The Danger of xp_cmdshell

  • Comments posted to this topic are about the item The Danger of xp_cmdshell

  • Heh... I think I'm being prodded to publish. 😀

    --Jeff Moden


    RBAR is pronounced "ree-bar" and is a "Modenism" for Row-By-Agonizing-Row.
    First step towards the paradigm shift of writing Set Based code:
    ________Stop thinking about what you want to do to a ROW... think, instead, of what you want to do to a COLUMN.
    "Change is inevitable... change for the better is not".
    "Dear Lord... I'm a DBA so please give me patience because, if you give me strength, I'm going to need bail money too!"

    Helpful Links:
    How to post code problems
    How to Post Performance Problems
    Create a Tally Function (fnTally)

  • I think the risk is reasonable, as long you are using an xp_cmdshell_proxy_account with minimal privileges.

    On the other side it would nice, if SQL Server would provide us with more OS native operations (as file copy or an 'internal' T-SQL bcp command), so that we do not need xp_cmdshell.

    God is real, unless declared integer.

  • Publish Jeff!

    I'd ask what people wanted to use xp_cmdshell for. There are loads of things you can do within SQL Server, for me a request to make calls out to the OS is a potential indicator that someone has a hammer and everything is a nail.

    They may be completely justified in what they want to do and how they want to do it, in which case fine. I'd always check though.

  • t.franz (9/16/2016)


    Ior an 'internal' T-SQL bcp command), so that we do not need xp_cmdshell.

    BULK INSERT? Or are you lamenting the absence of BULK EXPORT?

    I quite like MySql LOAD XML INFILE & LOAD DATA INFILE, but not the way those commands coerce the data into their target without throwing an error. Come to think of it I wasn't too impressed when an INSERT INTO...VALUES statement with the fields in the wrong order resulted in a string containing filenames being coerced into an integer field. Had a few head scratching moments trying to find out where the large integer values were coming from.

  • BULK INSERT? Or are you lamenting the absence of BULK EXPORT?

    I'm missing BULK EXPORT.

    Another point: even if you can do some OS-like stuff with SQL Server, the account that runs the SQL Server service has to have the privileges to do that. So it could more secure to do something with a proxy account that e.g. has no permissions on the SQL data / backup directory.

    God is real, unless declared integer.

  • Jeff Moden (9/15/2016)


    Heh... I think I'm being prodded to publish. 😀

    As soon as I read the title I thought of your blood pressure 😉

  • t.franz (9/16/2016)


    BULK INSERT? Or are you lamenting the absence of BULK EXPORT?

    I'm missing BULK EXPORT.

    Another point: even if you can do some OS-like stuff with SQL Server, the account that runs the SQL Server service has to have the privileges to do that. So it could more secure to do something with a proxy account that e.g. has no permissions on the SQL data / backup directory.

    The missing "BULK EXPORT" is the number 1 reason outside of DBA tasks that I have seen xp_cmdshell is needed. I know ssis can be used but that can be overkill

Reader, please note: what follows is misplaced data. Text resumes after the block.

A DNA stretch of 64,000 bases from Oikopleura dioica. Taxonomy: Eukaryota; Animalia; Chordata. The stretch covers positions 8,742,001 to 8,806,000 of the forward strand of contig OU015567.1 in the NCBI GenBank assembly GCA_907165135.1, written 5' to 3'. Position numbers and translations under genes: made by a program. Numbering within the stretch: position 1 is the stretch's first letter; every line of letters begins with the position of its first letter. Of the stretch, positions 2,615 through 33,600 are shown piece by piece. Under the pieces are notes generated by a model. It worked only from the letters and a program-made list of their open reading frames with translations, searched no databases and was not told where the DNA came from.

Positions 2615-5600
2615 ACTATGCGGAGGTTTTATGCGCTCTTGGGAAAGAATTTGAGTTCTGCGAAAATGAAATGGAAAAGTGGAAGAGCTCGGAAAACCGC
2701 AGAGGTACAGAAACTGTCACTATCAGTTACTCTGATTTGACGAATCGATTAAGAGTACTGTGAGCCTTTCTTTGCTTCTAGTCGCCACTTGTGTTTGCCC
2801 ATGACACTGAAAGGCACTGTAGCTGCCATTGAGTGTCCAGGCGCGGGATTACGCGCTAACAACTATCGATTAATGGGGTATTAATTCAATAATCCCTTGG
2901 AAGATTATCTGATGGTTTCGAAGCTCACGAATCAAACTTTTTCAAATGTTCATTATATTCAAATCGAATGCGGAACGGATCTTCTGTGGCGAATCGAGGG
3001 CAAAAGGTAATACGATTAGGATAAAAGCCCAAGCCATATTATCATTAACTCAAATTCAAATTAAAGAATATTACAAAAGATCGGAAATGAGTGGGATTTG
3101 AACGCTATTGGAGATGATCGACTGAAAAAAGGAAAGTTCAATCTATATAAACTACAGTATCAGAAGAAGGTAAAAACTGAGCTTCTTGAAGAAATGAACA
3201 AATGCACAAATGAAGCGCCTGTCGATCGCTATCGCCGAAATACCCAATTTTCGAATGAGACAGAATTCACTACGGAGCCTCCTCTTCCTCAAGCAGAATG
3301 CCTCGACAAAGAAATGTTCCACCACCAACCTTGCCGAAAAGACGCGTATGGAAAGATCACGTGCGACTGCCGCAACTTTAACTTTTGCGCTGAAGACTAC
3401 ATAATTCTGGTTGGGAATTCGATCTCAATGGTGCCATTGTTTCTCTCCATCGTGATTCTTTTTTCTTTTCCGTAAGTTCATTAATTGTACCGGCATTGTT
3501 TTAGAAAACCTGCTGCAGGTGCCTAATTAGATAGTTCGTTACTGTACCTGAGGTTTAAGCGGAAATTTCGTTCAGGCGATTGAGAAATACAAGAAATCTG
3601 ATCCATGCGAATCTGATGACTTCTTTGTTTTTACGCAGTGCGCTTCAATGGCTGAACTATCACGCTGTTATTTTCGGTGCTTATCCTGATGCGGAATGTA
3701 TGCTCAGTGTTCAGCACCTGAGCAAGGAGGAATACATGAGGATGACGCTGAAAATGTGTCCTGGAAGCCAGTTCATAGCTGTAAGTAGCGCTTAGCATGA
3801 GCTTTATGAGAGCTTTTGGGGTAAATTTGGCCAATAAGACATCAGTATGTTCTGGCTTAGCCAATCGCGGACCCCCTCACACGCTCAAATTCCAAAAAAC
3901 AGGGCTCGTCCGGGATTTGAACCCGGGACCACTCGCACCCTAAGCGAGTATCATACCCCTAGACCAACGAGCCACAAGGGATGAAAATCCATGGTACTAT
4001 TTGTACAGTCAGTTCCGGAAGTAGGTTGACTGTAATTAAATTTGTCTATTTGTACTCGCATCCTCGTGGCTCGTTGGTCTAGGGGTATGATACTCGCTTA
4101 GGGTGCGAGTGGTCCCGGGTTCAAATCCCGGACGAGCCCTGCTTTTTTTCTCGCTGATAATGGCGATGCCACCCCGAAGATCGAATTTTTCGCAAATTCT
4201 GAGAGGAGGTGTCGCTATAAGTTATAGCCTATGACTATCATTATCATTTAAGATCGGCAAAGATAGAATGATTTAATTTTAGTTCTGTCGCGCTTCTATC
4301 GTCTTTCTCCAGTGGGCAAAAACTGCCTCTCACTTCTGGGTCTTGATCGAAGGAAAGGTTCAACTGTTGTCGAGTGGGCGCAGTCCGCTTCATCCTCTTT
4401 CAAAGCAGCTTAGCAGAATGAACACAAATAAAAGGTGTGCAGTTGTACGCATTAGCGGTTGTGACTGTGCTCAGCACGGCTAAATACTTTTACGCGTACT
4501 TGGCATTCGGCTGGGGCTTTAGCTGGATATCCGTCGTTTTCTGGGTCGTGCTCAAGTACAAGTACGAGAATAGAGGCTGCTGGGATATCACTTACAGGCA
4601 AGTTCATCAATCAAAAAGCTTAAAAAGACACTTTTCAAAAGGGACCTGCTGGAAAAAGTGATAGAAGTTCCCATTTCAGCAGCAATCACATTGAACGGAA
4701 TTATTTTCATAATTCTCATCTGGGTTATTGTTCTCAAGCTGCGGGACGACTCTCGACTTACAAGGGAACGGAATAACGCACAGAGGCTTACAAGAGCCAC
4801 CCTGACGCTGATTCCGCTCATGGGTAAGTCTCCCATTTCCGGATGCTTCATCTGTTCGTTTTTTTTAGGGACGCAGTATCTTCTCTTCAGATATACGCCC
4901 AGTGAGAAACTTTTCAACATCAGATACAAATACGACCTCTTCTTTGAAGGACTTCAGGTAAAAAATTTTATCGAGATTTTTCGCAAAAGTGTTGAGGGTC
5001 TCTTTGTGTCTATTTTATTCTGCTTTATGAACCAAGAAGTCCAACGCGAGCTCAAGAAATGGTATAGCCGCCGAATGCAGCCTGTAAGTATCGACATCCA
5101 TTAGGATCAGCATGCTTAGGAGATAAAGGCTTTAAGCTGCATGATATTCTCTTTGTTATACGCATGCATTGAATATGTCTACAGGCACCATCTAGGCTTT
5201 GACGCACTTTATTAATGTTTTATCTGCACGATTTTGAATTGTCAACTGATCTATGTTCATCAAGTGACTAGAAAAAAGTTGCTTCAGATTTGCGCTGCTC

• I use xp_cmdshell in sql jobs, but turn it on before the action and turn it off after. The one that comes to mind is using DIR to check for the existence of a file that indicates billing files are ready to be imported to a database with SSIS.

    Along these lines:

    DECLARE @ReturnCode INT -- xp_cmdshell returns 0 if the file is found

    EXEC @ReturnCode = master.dbo.xp_cmdshell "dir c:\STATS.dfhdfh", no_output

    IF @ReturnCode = 0

    PRINT 'File exists!'

    ELSE

    PRINT 'File not found'

  • We use xp_cmdshell in a large number of stored procedures that we call nightly. Every time I enable this setting on a new server build, I get a bit concerned, but have yet to see any adverse affects and I've been seeing it used for 17 years. I believe, I could be wrong, but with the enhanced security in windows and SQL server as well, it is not as easy to hack a system using this command.

    For now I will continue to enable it where it is needed.

  • Jeff Moden (9/15/2016)


    Heh... I think I'm being prodded to publish. 😀

    "Prodded"????

    My first thought on reading this was "oh, dear, Steve just shot a pork chop at Jeff Moden"! 😀

    Rich

  • As @Indianrock does, I turn it on only when needed. I recall having to write a custom database archival script. Within the script a database was backuped up, dropped, and copied to an archival path. I used xp_cmdshell to move the files. I scheduled the script to run in SQL Agent, but had extra job steps to enable and disable xp_cmdshell.

  • So far I only recall trying to use powershell from a sql agent job once, but this might be a better route than xp_cmdshell.

  • I find it convenient to use xp_cmdshell to do things like execute NET or DOS commands for informational purposes, like in environments where the host server doesn't allow RDP connections.

    Even when enabled, it's not usable by non sysadmin logins by default, and you have to explicitly jump through hoops to grant access. If your non-DBA users do have sysadmin privillage, they'll simply enable it themselves and then use it. If you tick them off by disabling xp_cmdshell, they'll simply drop your login. The bottom line is: don't grant non-DBA users membership in sysadmin role. Just follow that basic advice and a lot of these issues raised in forum discussions here simply won't be an issue, at least not for your organization.

    "Do not seek to follow in the footsteps of the wise. Instead, seek what they sought." - Matsuo Basho

  • Of course not... people are dangerous not computers or commands.

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